Seeds of South Australia
Thryptomene ericaea (Myrtaceae)
Mat Heath-myrtle
List of species for Thryptomene
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Seed collecting:
November to February
Herbarium regions:
Eyre Peninsula, Kangaroo Island
NRM regions:
Eyre Peninsula, Kangaroo Island
IBRA regions
Kangaroo Island (KAN01)Kanmantoo
 Least Concern   [widespread]
Eyre Hills (EYB03)Eyre Yorke Block
 Critically Endangered   (IUCN: CR D)   [One old record in Pt Linc, could be extinct]
RSCA map:
Regional Species Conservation Assessments per IBRA subregion. Please click the thumbnail map.
AVH map:
Australian distribution map (external link)
SA Census:
Census of South Australian plants (external link)     [genus Thryptomene]
Name derivation:
Thryptomene from Greek meaning broken, diminished or made small; probably refers to the small flowers or the lowly stature of most of the species. Ericaea from the Greek 'ereike' meaning heath; possibly referring to it being heath-like.
Endemic to South Australia and found mainly on Kangaroo Island, with a few old records from the southern Eyre Peninsula, growing on well-drained soils over laterite or limestone in mallee shrubland.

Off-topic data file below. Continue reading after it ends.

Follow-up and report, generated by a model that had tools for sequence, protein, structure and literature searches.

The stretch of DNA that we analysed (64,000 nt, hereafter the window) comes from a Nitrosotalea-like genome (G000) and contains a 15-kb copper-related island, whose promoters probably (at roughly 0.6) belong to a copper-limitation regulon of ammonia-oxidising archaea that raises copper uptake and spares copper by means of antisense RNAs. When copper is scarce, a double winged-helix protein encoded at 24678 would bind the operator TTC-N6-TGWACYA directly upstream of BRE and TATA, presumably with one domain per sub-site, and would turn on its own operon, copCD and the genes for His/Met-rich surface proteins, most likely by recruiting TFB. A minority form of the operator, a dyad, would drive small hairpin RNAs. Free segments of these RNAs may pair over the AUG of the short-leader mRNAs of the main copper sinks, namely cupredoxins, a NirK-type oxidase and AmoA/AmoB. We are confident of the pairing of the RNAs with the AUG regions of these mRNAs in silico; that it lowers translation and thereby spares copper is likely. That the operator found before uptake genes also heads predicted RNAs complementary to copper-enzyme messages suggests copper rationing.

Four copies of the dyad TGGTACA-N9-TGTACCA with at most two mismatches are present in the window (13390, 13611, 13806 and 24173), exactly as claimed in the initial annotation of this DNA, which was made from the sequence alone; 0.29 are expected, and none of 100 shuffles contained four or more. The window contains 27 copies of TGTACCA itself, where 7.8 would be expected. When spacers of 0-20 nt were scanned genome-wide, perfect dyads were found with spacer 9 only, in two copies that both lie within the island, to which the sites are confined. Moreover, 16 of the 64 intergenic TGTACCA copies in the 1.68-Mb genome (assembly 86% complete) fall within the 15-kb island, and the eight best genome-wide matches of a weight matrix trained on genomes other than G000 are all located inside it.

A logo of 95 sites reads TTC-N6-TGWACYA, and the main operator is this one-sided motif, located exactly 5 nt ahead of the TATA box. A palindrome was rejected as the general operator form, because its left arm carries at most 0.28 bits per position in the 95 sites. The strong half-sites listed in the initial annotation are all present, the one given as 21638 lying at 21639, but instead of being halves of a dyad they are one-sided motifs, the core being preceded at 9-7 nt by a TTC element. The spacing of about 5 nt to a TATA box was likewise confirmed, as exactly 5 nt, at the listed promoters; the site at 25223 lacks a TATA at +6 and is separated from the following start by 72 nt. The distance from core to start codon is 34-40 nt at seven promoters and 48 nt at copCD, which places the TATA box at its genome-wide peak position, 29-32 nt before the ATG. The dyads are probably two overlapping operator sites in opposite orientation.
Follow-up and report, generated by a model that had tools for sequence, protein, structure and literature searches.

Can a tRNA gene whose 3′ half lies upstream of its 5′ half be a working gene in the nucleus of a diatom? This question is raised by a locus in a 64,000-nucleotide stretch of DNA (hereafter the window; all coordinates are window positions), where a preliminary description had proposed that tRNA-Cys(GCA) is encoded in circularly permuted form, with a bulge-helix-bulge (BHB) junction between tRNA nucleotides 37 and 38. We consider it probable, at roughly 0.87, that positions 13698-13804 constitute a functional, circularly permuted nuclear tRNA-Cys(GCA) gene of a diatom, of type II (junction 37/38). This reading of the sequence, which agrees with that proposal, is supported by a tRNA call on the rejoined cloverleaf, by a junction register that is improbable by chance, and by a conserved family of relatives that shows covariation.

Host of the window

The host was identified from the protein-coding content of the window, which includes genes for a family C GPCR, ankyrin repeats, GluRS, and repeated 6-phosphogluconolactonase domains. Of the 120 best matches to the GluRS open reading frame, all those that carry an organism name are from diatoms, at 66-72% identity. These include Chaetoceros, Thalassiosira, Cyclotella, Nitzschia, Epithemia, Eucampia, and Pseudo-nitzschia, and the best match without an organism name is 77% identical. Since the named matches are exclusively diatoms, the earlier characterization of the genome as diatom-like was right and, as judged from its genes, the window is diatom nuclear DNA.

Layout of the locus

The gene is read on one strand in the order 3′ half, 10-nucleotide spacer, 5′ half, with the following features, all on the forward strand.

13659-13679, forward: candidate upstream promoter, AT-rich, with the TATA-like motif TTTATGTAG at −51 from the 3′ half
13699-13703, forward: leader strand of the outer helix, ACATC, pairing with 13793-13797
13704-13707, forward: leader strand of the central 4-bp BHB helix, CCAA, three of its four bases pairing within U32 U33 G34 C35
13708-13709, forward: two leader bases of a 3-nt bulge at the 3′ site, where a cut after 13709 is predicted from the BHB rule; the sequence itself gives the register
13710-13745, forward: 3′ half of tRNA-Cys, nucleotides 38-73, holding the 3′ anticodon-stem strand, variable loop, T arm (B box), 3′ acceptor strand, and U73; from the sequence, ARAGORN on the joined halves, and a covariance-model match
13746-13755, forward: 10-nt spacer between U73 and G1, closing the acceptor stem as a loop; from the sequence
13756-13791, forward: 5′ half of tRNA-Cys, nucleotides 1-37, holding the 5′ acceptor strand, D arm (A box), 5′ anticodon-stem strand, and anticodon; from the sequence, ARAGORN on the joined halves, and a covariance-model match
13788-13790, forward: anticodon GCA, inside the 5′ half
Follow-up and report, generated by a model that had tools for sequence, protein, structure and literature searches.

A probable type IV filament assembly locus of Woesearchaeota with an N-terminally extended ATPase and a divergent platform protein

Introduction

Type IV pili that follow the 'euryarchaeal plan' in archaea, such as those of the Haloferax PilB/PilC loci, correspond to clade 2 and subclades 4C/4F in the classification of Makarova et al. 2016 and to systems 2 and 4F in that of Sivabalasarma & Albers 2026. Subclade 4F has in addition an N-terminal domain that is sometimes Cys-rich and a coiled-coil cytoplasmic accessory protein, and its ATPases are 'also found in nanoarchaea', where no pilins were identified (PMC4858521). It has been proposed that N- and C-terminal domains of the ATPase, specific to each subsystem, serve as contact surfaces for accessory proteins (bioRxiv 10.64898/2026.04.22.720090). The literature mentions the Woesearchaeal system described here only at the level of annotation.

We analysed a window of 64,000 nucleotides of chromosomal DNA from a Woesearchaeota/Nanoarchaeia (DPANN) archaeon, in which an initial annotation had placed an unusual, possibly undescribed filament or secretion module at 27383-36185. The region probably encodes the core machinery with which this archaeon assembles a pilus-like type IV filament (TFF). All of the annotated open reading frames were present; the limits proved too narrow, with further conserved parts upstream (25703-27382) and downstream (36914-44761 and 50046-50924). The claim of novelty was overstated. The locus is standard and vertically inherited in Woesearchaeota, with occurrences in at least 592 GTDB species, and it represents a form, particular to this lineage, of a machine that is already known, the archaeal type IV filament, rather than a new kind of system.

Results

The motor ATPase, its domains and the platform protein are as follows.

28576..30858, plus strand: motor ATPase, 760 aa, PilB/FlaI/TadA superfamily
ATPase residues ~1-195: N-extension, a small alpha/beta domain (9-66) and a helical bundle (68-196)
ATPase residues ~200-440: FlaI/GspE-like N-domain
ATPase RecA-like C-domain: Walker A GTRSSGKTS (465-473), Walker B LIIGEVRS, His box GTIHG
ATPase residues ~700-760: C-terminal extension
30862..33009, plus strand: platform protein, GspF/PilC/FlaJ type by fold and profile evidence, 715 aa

Native. Common in South Australia.
Plant description:
Low bushy shrub to 1.2 m high and usually wider. Leaves narrowly elliptical-acute, to 6 mm long and 1 mm wide, margins entire. Inflorescence in axils below summit of branchlets with white flowers sometime with pink tinged. Flowering between September and December.
Fruit type:
Brown tubular fruit to 4 mm long and 1.5 mm wide, with deep lateral striation and bearing persistent sepals.
Seed type:
A small ovoid seed sits in the fat section of the fruit.
Embryo type:
Spatulate fully developed.
Seed collecting:
Collect heads by hand when they are brown and slightly fat at the base. Break off whole spike as not all heads will have viable fruit/seed.
Seed cleaning:
Place the heads in a tray and leave to dry for a week. Then gently rub the heads to dislodge the seeds. Use a sieve to separate any unwanted material. Store the seeds with a desiccant such as dried silica beads or dry rice, in an air tight container in a cool and dry place.